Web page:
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Tips on how to roast a Large Chicken (8 lbs)

Does anyone have an recipes or thoughts on how to roast very large chickens? My farmer's market guy grows whoppers! Thanks!

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  1. If you don't plan on stuffing it, the general rule is 20 min/lb. at 350, or 10-15 min. at high temps (450 or 500).

      1. re: hotoynoodle

        This! I saw it on seriouseats and tried it out. I have also converted my SIL, who did it last night with a couple of chooks she picked up. It's easy & gives more even cooking.

        1. re: hotoynoodle

          I agree. Take out the backbone and wing tips and save them in a plastic bag, until you have enough for soup. I roast the bird skin side down for 50% of estimated time, then turn over. If you have a convection oven, turn it to convection roast (upper oven burner is on) (as opposed to convection bake - lower oven burner is hot)when you turn bird skin side up so skin will get crispy.

        2. I would rotate it once. Start breast down, finish breast up.

          1. Just bought an 8-pounder the other day. Because I then realized I was short on fridge space for the leftovers, I decided to take it apart. I removed and skinned the breast halves, freezing them. At some point I'll poach them or use for chicken a la king. I removed the wings, thighs, and drumsticks to roast on a rack above a roasting pan into which I put sliced potatoes and onions (basted in drippings from the rack atop them, they are yummy). While the parts roasted, I was simmering the neck, giblets (sans liver), breast skin, and carcass for stock. Once the parts were roasted I immediately removed their bones to add to the stockpot. I froze the liver, which I will dice and saute the next time I stuff a chicken. When the potatoes were removed from the pan, there was still nice fond around the edges so I ladled in some hot stock to loosen it, then poured that back into the stockpot. The nice part of this procedure is that the work is over sooner, since I don't have to wait to make the stock.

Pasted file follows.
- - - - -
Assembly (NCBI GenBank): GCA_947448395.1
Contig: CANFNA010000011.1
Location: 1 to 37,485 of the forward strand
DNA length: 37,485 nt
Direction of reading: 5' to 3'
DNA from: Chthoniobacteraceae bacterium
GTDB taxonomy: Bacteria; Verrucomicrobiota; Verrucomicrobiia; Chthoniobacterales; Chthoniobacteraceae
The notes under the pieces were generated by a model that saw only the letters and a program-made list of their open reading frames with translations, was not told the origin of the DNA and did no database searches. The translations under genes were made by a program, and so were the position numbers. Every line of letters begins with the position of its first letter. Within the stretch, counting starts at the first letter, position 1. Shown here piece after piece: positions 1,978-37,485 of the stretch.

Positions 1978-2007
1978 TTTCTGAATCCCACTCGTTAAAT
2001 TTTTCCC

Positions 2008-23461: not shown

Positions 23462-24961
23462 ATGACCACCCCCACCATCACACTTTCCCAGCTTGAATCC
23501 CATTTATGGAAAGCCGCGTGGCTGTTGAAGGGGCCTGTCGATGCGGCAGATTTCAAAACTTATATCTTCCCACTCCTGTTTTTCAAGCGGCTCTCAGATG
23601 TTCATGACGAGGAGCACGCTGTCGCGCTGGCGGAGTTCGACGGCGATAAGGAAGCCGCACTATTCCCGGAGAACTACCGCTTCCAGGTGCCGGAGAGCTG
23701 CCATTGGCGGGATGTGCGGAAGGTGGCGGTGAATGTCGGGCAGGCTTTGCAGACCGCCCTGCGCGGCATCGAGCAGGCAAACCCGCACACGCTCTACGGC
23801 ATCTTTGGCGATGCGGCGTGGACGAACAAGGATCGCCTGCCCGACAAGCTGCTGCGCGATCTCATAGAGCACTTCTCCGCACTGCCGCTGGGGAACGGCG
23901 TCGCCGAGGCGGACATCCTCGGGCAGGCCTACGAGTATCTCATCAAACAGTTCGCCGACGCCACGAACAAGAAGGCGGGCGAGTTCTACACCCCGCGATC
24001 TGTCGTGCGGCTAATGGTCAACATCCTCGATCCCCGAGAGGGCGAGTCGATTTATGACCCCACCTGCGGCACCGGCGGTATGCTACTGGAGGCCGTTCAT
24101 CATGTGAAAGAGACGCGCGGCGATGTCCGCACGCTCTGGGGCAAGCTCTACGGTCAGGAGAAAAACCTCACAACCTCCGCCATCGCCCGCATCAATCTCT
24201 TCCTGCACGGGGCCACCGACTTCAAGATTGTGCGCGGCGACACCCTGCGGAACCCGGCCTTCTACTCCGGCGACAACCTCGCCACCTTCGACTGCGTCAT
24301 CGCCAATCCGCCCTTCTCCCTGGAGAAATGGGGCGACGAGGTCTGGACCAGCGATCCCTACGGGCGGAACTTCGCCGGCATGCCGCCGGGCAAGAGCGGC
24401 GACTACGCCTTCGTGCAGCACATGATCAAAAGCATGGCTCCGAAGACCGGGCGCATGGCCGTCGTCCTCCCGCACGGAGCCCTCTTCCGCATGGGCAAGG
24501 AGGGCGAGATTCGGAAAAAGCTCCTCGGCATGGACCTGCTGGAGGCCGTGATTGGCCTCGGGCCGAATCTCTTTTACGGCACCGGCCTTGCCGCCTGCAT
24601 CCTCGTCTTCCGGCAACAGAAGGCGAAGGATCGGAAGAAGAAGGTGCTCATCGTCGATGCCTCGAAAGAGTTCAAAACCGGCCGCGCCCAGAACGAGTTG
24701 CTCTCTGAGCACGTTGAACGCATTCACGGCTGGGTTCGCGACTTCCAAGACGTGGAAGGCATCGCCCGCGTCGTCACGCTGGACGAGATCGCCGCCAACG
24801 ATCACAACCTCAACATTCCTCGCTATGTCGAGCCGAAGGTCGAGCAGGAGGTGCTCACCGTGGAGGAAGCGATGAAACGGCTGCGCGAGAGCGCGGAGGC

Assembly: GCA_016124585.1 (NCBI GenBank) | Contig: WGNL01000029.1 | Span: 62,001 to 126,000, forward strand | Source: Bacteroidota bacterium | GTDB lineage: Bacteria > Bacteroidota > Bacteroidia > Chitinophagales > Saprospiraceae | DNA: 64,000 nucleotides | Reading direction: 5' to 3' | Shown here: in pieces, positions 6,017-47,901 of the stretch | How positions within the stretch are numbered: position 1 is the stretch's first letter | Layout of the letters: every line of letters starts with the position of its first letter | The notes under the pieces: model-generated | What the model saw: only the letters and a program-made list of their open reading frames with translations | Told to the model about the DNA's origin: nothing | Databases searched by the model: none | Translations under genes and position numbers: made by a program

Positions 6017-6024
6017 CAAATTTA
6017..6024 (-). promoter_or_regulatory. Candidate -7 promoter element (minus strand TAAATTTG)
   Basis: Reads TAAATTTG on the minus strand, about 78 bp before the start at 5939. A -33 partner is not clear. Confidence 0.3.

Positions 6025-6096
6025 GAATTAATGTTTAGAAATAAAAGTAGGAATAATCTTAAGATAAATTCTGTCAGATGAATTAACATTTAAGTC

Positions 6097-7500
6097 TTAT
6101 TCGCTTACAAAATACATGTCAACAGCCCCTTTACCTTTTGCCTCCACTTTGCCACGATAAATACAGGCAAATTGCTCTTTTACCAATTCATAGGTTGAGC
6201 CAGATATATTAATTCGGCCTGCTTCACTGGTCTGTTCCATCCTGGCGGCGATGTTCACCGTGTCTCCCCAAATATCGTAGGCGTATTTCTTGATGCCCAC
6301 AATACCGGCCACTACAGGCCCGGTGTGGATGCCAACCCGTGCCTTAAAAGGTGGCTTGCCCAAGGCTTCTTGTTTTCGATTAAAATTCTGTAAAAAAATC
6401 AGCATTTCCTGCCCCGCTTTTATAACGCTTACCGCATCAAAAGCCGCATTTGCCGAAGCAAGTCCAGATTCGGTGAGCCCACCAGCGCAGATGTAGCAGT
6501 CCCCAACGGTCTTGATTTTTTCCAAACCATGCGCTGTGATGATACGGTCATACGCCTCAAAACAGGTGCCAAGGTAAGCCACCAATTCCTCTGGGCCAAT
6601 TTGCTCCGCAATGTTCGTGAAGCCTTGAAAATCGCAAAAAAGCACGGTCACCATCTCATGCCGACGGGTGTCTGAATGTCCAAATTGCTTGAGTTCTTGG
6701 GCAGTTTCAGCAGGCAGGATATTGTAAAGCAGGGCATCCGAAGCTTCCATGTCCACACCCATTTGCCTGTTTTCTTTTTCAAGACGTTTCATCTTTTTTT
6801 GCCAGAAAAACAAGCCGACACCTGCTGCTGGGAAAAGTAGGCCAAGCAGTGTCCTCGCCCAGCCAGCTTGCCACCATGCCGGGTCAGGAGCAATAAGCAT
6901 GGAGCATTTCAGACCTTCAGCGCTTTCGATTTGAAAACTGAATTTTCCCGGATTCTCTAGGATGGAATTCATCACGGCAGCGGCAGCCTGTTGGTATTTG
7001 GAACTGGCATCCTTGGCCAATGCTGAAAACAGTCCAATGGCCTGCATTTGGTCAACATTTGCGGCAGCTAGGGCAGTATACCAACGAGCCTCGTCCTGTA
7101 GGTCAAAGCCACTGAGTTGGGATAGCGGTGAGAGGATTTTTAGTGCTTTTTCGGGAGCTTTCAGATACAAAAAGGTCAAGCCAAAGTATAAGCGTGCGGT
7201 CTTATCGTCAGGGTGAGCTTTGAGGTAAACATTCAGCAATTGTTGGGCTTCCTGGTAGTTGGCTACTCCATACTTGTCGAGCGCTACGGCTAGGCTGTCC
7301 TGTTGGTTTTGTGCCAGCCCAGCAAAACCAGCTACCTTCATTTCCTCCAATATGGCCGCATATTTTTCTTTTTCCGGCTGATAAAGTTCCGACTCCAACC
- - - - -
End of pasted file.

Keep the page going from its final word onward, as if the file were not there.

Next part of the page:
I roasted the parts and spuds at 400 for an hour. The meat didn't need that long but the potatoes did, so next time I will nuke the potatoes for a few minutes first, to give them a head start.

            1. Spatchcocking is a good idea. Otherwise, I just roast it at 350 starting it on a rack breast side down. For an 8 pound chicken, I'd probably give it 2.5 hours over all. So, I would leave it breast down for 1 3/4 hours, and then turn it breast up for the final 45 minutes., giving it enough time to brown the skin.

              I also find that the "typical" meat thermometer temperature quoted in many cookbooks says 170 degrees for the breast. However, I find that the meat is dry and stringy at that point. I usually go for 150 myself, which is safe and the meat has just the faintest bit of pale pink in it. I realize that's a personal preference, but I hate the dry breast meat.

              1. This is a important comment. All poultry needs to be 180 degrees-at the thigh! No exceptions!

                8 Replies
                1. re: jdisch5151